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Advertising Honors:Special Teams Player of the Year

Adam Jones took the news that he is the Special Teams Player of the Year pretty well.

The fiercely competitive Jones prides himself on not being just a returner. He's an all-around player and, indeed, he defied logic by leading the NFL in kick returns while playing 70 percent of the snaps at cornerback.

"I think I'm one of the best corners in the league," Jones says.

But he also knows how much of an impact special teams had on the Bengals' playoff run.

"Some people look at special teams differently," Jones says. "The way I look at it, it's all about field position and creating points for the offense. We had a lot of good field position and we created a lot of points."

Punter Kevin Huber could have been the Special Teams Player of the Year. After all, he was named to his first Pro Bowl after breaking his own club records for gross and net marks. But, in a ridiculous oversight, Jones wasn't voted to the Pro Bowl even though he led the NFL in kick returns and tied for third in punt returns to become the only player to finish in the top eight in both.

"Considering I didn't have a touchdown, I wasn't too mad," Jones says of the Pro Bowl dis. "I was madder at myself."

But we weren't going to overlook him here. Plus, Jones supplied Bengals' fans with some of the season's most thrilling moments at the most opportune times, ranging from a 45-yard punt return in the opener, a 90-yard kick return against the Panthers, and an 80-yard kick return against Denver. The 90-yarder dug the Bengals out of a hole after Carolina had just taken a 31-24 lead with less than five minutes left, but Jones put them right back on the Panthers 3 to get them back in a game they eventually tied.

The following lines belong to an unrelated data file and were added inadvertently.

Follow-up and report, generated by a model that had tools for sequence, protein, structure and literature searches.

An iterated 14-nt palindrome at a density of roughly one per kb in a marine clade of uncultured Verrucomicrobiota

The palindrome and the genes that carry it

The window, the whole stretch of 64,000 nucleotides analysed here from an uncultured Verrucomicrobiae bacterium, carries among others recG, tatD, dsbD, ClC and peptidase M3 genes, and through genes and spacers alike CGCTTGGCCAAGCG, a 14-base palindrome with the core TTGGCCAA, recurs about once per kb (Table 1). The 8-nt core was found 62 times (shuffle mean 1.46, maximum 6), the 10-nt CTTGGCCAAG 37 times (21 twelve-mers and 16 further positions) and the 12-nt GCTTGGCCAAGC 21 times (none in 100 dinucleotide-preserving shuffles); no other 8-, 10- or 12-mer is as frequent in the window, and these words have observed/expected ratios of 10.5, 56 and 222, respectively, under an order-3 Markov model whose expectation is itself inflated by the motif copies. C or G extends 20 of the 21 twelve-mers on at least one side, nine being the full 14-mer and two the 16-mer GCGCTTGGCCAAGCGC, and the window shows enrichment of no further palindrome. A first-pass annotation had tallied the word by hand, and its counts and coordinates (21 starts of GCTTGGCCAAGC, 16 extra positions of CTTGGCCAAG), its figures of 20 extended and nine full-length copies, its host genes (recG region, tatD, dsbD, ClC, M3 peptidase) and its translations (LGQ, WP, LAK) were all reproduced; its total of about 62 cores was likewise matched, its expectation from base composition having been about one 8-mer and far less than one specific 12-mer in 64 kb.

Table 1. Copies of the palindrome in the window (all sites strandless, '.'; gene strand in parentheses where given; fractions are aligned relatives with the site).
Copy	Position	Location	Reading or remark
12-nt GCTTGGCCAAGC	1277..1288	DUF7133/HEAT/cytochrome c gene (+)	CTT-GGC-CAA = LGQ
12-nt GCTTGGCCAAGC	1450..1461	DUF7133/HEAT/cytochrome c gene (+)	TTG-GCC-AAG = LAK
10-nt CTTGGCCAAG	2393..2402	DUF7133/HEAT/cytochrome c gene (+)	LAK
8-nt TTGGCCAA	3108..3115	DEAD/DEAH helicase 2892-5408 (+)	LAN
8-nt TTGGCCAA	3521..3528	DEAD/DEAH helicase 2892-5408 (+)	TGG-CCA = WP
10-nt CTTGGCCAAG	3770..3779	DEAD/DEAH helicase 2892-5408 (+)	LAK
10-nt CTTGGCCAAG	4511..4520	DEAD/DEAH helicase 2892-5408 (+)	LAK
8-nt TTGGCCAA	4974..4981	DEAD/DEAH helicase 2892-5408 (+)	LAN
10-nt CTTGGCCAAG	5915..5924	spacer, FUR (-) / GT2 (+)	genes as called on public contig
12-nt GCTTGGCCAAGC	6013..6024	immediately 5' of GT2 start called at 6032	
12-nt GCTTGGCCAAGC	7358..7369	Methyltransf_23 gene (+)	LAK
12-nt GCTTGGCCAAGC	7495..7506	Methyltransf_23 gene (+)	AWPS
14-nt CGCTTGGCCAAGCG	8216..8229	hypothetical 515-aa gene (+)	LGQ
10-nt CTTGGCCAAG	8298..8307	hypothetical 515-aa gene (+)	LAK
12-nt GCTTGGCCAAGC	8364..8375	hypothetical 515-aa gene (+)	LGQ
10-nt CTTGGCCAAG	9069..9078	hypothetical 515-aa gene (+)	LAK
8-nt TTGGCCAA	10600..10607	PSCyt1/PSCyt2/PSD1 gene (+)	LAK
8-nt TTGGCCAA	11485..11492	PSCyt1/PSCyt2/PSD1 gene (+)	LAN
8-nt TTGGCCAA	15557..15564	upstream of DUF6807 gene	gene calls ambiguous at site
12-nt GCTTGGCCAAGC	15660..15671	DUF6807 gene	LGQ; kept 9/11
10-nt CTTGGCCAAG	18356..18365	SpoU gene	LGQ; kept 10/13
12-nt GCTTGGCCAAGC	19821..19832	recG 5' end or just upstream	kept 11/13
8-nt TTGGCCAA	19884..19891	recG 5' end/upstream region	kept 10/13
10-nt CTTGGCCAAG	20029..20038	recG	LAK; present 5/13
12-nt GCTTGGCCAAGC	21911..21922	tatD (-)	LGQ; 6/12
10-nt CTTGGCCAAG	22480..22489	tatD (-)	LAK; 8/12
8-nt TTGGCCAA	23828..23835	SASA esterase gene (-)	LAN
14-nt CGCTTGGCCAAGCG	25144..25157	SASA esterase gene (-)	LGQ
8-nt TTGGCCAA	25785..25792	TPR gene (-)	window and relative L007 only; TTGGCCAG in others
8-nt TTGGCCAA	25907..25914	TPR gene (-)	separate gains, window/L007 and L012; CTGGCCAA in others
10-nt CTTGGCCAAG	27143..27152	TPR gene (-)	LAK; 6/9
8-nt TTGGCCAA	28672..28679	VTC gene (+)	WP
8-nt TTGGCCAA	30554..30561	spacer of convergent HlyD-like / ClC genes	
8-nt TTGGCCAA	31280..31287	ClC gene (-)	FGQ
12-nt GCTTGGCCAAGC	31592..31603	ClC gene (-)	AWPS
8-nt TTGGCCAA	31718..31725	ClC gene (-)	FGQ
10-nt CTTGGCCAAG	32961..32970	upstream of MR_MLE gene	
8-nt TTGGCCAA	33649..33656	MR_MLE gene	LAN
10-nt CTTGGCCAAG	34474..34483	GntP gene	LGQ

But that wasn't Jones' favorite return of the year. That would be the 80-yarder against the Broncos in the Monday night win that put the Bengals in the playoffs. He liked it because he counterpunched Omar Bolden's 77-yard kick return that opened the second half and helped Denver cut it to 20-14 on a three-play drive.

Oh no, here goes Peyton Manning again, right?

No, because there was Jones taking the ensuing kick 80 yards the other way and in about two minutes the Bengals were back on top by 13 points.

"We needed an answer, it was just right on time," Jones says. "It was a night game; a big-time game….The Denver game was more like a playoff game, a championship, Super Bowl atmosphere."

That's one of the big reasons Jones could have got some MVP votes. Although his team takes heat for the way it plays in the spotlight, Jones never backs down and seems to rise to the occasion.

"I enjoy playing corner," Jones says. "And I like to go back and catch punts. It's a mindset. You feel like you can beat the first guy and something can happen after that. I think the guys blocking do a good job. Ced Peerman, Dre Kirkpatrick. Darqueze (Dennard). Taylor Mays. They did a good job this year blocking. Marquis (Flowers) did a good job on kickoff return and punts as well. We had an all-round team. We've got a young group. I'm probably the oldest of the group. I feel we have a lot to build with."

Jones is 31, so kicker Mike Nugent, 32, has about a year-and-a-half on him. But Jones figures he's about 28 and has plenty left to give.

"That's it. (28) on the dot…I'm in the prime of my career," Jones says. "I've missed two-and-a-half seasons. Suspended (2007) for one. I sat out one (2009). The neck injury (Half of 2011) makes it two-and-a-half.

"My body isn't at the point where it's shutting down on me or where it's going to hit a wall. My legs still feel young. I feel good and I'll try to keep it that way as far as working out."


He took it pretty well. Honors:

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